Scene 1

The setting is a street corner in a residential neighborhood of the mid-1960s. The corner of a lawn enclosed in a picket fence is down right. A street sign is visible and the audience sees Maple. Although the streets are paved and curbed, there are no sidewalks. The tailgate of a pickup is up left. Four boys, about fourteen, stand where sidewalks should form a corner.

Carnell: Who got the Swisser Sweets?

David: I got ’em. (The others form a semi-circle around David facing the audience.)

Wayne: Break ’em out.

David: Right here? (Looking off right.) Man, my old lady’s in there.

Peter: You gotta let ’em hang some time.

David: Yeah, but it ain’t gotta be tonight.

Wayne: Dude’s scared.

David: Damn skippy.

Carnell: I am too. She a new species.

David: Git off my mama, man.

Peter: What species?

Carnell: Man, she a bear-rilla.

Wayne: A who?

Carnell: A cross between a bear and a gorilla!

David: Man you rough on my T-Jones. At least she ain’t no secret weapon.

Wayne: How secret?

David: So secret it’s been secret twenty years.

Peter: What you talking ’bout, David?

David: Hell, we didn’t drop no bomb on Hiroshima, we dropped Carnell’s mama. (Doubles over laughing. Between guffaws.) The sight of her killed almost a hundred thousand people. Threatened to drop her on Nagasaki, Japanese say, “We don’t wanna fight no more.”

Carnell: Peter, you ain’t got no room to laugh. Not after what I saw last week.

Peter: Here we go.

Wayne: What cha see?

Carnell: (Assuming the stealth position of a burglar.) Peter’s mama sneaking from room to room. (Pantomimes easing a door open.)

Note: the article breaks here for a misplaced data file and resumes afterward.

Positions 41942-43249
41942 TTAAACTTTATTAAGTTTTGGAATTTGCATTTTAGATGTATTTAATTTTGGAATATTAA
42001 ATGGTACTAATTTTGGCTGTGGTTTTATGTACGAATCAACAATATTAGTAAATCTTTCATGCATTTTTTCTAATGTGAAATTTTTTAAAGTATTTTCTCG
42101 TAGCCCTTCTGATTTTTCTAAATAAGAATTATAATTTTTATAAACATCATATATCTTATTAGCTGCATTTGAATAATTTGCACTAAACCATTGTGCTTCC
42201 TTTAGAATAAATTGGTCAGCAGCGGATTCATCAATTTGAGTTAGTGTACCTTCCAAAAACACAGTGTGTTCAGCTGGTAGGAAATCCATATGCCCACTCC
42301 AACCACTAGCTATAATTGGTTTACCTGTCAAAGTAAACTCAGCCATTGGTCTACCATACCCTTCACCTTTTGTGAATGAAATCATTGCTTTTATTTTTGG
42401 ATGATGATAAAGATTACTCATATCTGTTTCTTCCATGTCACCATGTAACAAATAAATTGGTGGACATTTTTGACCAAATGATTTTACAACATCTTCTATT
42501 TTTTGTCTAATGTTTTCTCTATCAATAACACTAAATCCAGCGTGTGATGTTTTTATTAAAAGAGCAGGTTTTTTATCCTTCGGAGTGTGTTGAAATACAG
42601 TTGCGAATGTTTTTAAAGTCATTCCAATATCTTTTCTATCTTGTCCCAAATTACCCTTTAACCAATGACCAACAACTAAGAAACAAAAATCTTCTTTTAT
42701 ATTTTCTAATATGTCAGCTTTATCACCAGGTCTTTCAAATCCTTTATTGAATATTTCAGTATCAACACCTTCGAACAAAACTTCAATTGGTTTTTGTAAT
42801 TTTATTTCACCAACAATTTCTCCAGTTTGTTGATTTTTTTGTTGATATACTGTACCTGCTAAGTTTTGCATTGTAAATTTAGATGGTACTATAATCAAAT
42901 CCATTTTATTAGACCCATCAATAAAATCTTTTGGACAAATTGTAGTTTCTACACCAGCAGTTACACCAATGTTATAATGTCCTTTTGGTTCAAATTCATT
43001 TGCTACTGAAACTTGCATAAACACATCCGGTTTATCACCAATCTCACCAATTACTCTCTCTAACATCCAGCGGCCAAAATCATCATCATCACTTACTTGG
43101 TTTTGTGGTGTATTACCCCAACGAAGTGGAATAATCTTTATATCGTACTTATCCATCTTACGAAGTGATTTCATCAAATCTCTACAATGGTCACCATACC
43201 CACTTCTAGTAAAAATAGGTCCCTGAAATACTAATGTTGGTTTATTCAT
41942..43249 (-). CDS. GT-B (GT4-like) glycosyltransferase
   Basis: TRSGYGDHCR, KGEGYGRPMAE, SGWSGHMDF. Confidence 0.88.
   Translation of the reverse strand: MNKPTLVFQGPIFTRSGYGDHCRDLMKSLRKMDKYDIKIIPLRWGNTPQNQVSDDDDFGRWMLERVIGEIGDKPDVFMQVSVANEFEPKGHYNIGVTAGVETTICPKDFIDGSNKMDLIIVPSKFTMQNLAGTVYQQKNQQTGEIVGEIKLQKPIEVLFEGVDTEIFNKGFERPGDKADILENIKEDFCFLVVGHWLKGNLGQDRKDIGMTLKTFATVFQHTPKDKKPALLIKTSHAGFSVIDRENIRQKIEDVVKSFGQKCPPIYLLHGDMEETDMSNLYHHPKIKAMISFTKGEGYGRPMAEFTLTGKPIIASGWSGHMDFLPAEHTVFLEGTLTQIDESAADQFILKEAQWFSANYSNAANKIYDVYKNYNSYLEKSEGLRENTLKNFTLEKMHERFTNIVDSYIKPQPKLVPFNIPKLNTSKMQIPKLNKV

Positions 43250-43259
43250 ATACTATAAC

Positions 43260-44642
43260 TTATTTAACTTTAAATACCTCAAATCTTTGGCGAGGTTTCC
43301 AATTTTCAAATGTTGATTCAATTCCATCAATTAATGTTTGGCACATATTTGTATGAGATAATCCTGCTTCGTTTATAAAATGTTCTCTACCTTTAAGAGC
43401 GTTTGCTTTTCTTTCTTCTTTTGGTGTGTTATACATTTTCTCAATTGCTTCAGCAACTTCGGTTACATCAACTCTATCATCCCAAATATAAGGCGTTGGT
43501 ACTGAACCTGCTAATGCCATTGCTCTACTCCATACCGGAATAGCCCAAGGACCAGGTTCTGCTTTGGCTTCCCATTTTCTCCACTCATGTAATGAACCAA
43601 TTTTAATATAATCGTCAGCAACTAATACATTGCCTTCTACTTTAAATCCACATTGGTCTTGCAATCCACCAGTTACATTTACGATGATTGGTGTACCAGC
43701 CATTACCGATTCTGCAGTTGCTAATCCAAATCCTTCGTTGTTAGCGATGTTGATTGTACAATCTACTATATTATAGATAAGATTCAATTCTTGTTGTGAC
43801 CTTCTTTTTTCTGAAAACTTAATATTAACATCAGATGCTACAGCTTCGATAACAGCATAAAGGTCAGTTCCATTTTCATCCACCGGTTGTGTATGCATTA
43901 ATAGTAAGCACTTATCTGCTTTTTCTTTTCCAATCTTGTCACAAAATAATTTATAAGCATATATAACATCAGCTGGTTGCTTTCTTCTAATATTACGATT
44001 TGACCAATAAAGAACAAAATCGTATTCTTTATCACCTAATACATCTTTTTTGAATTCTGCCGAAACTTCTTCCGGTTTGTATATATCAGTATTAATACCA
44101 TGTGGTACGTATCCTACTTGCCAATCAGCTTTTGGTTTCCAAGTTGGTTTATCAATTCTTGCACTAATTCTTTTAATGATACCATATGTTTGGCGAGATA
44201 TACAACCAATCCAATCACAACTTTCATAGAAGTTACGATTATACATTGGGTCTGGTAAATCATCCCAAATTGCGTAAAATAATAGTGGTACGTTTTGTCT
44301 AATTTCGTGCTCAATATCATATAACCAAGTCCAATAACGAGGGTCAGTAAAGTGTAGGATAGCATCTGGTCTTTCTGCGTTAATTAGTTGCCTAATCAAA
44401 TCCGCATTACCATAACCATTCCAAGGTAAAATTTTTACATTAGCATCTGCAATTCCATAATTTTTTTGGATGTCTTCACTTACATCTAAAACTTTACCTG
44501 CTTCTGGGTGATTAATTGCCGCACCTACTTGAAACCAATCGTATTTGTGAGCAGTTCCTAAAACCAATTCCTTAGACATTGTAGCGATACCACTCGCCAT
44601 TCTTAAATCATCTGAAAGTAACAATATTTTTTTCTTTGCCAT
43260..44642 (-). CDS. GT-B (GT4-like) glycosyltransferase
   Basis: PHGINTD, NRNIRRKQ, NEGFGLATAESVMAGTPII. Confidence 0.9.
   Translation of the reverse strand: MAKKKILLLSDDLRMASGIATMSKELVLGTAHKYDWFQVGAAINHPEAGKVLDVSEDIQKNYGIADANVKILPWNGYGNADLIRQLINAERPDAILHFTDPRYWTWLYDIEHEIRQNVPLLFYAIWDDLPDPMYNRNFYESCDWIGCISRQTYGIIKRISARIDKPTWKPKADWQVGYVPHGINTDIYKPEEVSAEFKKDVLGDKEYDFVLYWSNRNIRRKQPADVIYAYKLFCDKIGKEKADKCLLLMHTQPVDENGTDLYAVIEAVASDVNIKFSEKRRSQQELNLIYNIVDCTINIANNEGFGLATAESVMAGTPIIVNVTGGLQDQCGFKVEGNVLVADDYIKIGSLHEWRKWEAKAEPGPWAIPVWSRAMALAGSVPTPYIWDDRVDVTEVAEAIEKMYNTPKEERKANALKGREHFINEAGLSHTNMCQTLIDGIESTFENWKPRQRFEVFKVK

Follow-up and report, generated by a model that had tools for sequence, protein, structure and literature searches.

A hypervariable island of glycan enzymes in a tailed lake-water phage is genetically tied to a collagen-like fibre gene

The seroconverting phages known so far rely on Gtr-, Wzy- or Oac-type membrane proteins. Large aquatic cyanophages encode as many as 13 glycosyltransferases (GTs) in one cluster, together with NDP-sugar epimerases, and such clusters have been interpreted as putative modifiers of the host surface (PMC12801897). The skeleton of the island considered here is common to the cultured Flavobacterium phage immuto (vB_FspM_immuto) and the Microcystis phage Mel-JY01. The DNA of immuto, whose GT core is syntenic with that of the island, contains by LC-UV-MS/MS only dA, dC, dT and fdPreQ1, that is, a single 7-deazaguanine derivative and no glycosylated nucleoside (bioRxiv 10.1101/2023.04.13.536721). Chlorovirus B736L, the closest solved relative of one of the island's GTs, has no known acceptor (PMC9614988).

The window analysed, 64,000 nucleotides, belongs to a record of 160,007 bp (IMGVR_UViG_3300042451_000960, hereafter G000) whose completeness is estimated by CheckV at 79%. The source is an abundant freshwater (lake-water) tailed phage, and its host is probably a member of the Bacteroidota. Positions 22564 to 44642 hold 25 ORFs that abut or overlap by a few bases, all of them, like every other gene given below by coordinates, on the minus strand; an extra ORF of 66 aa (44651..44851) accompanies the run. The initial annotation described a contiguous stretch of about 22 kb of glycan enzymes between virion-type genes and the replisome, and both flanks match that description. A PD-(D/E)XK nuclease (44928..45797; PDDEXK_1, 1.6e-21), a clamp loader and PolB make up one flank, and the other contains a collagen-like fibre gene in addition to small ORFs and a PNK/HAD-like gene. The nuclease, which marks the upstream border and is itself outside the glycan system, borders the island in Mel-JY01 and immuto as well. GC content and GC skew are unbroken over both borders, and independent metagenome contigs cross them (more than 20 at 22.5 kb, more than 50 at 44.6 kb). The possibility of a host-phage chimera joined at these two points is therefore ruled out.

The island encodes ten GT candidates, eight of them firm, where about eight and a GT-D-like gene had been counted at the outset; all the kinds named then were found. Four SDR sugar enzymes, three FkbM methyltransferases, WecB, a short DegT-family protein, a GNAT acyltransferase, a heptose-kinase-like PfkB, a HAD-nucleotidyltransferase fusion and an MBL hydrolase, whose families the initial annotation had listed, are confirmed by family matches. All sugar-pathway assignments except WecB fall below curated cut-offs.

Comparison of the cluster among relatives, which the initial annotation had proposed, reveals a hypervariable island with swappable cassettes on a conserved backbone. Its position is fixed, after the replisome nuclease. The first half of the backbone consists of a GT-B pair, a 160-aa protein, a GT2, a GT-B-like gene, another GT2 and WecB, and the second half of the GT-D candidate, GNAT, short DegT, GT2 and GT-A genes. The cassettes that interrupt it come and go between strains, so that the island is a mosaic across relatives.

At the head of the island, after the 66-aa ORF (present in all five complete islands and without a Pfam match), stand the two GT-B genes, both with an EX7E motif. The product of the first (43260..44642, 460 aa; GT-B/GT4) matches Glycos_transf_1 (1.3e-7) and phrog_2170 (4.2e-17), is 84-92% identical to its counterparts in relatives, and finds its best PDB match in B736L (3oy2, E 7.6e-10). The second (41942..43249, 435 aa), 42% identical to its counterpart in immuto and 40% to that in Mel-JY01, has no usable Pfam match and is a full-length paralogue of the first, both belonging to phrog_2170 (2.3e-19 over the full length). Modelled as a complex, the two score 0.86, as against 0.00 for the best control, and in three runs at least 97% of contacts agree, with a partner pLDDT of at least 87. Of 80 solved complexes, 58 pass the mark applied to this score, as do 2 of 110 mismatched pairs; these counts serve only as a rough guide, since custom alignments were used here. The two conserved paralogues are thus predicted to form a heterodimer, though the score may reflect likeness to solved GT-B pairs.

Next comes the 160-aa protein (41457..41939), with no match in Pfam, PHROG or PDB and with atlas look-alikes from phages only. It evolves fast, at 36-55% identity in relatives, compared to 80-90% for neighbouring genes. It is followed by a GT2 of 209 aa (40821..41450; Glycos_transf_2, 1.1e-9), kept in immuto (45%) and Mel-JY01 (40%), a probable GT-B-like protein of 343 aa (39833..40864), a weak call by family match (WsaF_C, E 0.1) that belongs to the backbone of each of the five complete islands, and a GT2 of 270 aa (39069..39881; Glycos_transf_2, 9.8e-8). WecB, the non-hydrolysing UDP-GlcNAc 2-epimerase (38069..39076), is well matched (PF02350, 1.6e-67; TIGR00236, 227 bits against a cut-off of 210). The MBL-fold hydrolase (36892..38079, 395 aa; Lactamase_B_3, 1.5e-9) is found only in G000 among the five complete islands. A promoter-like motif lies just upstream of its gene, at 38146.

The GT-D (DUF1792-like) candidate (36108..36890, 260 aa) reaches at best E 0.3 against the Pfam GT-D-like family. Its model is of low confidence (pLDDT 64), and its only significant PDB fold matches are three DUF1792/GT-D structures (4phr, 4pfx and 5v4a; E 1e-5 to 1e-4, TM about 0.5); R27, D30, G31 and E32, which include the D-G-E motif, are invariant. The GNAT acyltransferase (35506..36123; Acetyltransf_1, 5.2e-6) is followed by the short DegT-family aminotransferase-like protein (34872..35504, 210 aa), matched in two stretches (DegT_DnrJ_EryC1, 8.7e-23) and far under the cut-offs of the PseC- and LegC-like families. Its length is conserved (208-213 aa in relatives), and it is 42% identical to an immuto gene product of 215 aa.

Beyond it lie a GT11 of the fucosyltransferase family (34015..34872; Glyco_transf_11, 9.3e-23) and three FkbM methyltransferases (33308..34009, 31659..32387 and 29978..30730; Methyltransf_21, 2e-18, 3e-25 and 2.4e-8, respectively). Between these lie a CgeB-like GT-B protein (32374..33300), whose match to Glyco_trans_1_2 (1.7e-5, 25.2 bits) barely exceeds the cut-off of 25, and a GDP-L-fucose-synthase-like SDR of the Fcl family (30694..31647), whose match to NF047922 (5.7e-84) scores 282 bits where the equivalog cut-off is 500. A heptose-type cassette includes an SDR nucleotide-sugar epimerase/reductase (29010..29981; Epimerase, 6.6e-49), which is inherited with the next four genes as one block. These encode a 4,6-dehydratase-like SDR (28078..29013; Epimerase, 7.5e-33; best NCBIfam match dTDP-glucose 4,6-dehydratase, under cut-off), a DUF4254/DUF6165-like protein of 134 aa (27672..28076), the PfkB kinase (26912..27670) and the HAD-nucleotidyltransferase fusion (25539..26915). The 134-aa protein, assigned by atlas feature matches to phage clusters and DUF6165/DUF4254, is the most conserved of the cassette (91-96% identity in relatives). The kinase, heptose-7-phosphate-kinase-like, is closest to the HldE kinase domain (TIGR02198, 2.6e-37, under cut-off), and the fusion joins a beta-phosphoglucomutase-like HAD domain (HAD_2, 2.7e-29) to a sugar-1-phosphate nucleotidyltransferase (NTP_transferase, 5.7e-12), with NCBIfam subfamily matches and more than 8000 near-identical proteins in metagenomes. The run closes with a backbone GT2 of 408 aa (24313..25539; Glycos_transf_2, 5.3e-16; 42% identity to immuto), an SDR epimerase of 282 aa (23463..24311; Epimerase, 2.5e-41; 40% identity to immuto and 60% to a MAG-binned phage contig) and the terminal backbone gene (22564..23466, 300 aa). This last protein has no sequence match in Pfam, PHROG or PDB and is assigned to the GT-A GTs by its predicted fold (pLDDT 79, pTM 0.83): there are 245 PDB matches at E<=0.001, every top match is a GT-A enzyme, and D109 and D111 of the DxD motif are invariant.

David: What was she doing, man?

Carnell: Old girl had to go to work. She was trying to sneak up on a mirror so she could put her make-up on.

Wayne: Oooh wee, that’s ugly.

Carnell: Man, we can play the dozens anytime, come on with the Swisser Sweets.

David: We need to wait.

Peter: Wait hell! You know porch lights gonna start flashing like we at a photo shoot ’fore long.

Carnell: That’s right. Just cup ’em so the flare can’t be seen. (David takes a box of cigars out and gives each boy one. Carnell produces a lighter and everyone lights a cigar.)

Peter: Ouch!

Wayne: What you do, fool?

Peter: Burned my hand.

David: This boy don’t need to be smokin’.

Peter: (Mock confrontation.) Boy! I got your boy. Hangin’ and swangin’.

Carnell: (Adult airs.) Children. Can a man enjoy his Swisser Sweet without all this fussin’? (Takes long drought and releases smoke elegantly.)

David: Won’t be long ’fore football season starts.

Peter: Don’t remind me.

Carnell: Two-a-days.

Peter: Hundred degrees in the shade.

Carnell: Yo-yos. (Carnell and Peter cringe.)

David: No pain no gain. (Puffs chest out peacock style.) I’ma git fifteen hundred yards this year. I’m a bad man. (Takes long draught.)

Carnell: All I’ma say is remember Lee. (David chokes on smoke.)

Wayne: What happened at Lee?

Carnell: Well, old David got introduced to Anita Ward.

Peter: (Singing.) You can ring my bel-l-l ring my bell.

Wayne: (To David.) So you got your bell rung.

David: I’ll have you know I rushed for 253 yards and scored five touch-downs that game.

Wayne: And you got your bell rung.

David: Carnell, you foul man. You know you got me hit.

Carnell and Peter: Hit!

Peter: Many you got way-laid.

Carnell: And don’t blame me. Stop braggin’.

Peter: Come in the huddle like he some big shit.

Carnell: Talkin’ ’bout how many yards he got.

Peter: Didn’t say nothing ’bout our blockin.

Wayne: What Carnell do?

David: Sucker set me up.

Carnell: Damn skippy.

Peter:  Told Logan to call 36 Power.

Carnell: Told the whole right side of the line to miss their blocks.

Peter: Look like twenty dudes hit his ass.

Carnell: Come back to the huddle. Helmet turned side ways. Jersey toe half off. Slangin’ snot. Boy you wuz a sight to behold.

Wayne: I agree with David, Carnell you foul man.

Carnell: Nah, but I feel like doin’ something foul tonight.